Kargil made Indians aware of the obligation the nation has to those who serve in its armed forces. When the soldier goes to the front, he must go with the knowledge that his well-being and the well-being of his family, or his survivors, should he unfortunately not return, is not his responsibility; it is a national resolve. Or should be. As Prime Minister Narendra Modi said in October, 2014: “The nation's trust was the biggest strength of our armed forces.” And so it is that we must always fulfil our responsibilities to them.
While this resolve is accepted by all in India, its implementation is still an unfinished business. A National Democratic Alliance (NDA) government won the Kargil war. Today, we have another NDA government, one led by Prime Minister Modi, which is not just committed to commemorating the sacrifices of the Kargil war and of the war of 1965 — of which we mark the golden jubilee this year — but also is clear in its resolve to keep our national security and economic interests secure.
The Indian soldier needs a new deal. Part of this new deal is an energised weapons procurement and manufacturing programme, the most ambitious in decades. It will ensure that the Indian soldier does not go to battle with, metaphorically, one arm tied behind his back, and with concerns about the quality and quantity of equipments and munitions.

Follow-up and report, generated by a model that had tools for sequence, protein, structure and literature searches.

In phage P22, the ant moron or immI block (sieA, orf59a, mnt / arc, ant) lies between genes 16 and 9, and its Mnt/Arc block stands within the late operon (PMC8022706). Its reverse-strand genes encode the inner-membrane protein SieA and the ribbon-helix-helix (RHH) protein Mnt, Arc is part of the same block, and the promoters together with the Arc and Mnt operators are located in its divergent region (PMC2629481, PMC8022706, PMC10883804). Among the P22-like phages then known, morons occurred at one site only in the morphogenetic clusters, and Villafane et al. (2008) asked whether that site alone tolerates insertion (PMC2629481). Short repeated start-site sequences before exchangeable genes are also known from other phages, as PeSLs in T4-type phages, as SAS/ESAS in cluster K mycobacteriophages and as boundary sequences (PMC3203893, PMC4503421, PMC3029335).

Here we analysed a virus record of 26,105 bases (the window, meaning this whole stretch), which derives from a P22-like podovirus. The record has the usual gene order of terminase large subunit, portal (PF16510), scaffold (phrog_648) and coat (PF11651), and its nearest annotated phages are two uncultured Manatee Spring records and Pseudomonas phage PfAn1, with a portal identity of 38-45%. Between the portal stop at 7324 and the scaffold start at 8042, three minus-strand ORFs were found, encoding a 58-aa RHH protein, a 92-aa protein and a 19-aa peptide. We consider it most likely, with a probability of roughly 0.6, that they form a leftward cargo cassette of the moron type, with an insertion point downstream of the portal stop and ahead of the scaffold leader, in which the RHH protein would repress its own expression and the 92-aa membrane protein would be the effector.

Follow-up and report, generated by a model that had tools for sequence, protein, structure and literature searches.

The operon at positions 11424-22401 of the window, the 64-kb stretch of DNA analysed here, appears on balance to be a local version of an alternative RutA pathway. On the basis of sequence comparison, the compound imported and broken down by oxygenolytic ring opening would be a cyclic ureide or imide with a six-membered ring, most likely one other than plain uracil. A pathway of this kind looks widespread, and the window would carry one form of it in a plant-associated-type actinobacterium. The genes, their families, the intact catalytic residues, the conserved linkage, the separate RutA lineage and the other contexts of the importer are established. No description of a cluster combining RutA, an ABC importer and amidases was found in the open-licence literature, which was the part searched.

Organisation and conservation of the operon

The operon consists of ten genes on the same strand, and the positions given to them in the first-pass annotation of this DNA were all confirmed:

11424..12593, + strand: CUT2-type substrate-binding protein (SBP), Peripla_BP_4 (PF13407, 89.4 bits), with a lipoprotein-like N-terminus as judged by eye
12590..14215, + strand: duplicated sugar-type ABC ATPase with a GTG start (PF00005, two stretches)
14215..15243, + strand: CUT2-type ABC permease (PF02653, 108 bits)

But, when the discourse on defence and national security tends to be all around latest fighters, or tanks or ships or submarines, it’s worth remembering that our national spirit and resolve is linked to the man or woman in uniform and his/her spirit of service to the nation.
Political leaders may make great speeches and exhort the nation, but it takes thousands of uniformed men and women and their families to translate that into real national grit and resolve. This brings us to real issues for the serving or retired soldier and his family — be it the much delayed One Rank, One Pension (OROP) promise to veterans who have served all these years, a national war memorial, veterans' commission or improving living conditions, including housing, schooling, medical facilities, skilling for the families of those who serve — there are many elements to be completed to demonstrate the commitment of the nation to our armed forces.
The issue of OROP is a particularly wrenching one. The sight of old soldiers, protesting in the heat in the heart of the nation’s capital is gut-wrenching and heartbreaking. Its worth remembering Chanakya’s wise words to King Chandragupta, “The day the soldier has to demand his dues will be a sad day for Magadha. For then, on that day, you will have lost all moral sanction to be king.” This was true 2,300 years ago. It is true today.
As a government that is possibly the most pro-forces one in recent history, I have no doubt that it will eventually deliver on OROP and other things that need to be done as part of our national covenant. The delay is disconcerting and could have been avoided. A just and fair resolution is important both for the dignity of our soldiers/veterans and the ideals of service to the nation that these brave men and women embody. On Kargil Vijay Diwas, let us promise to settle for nothing less than that.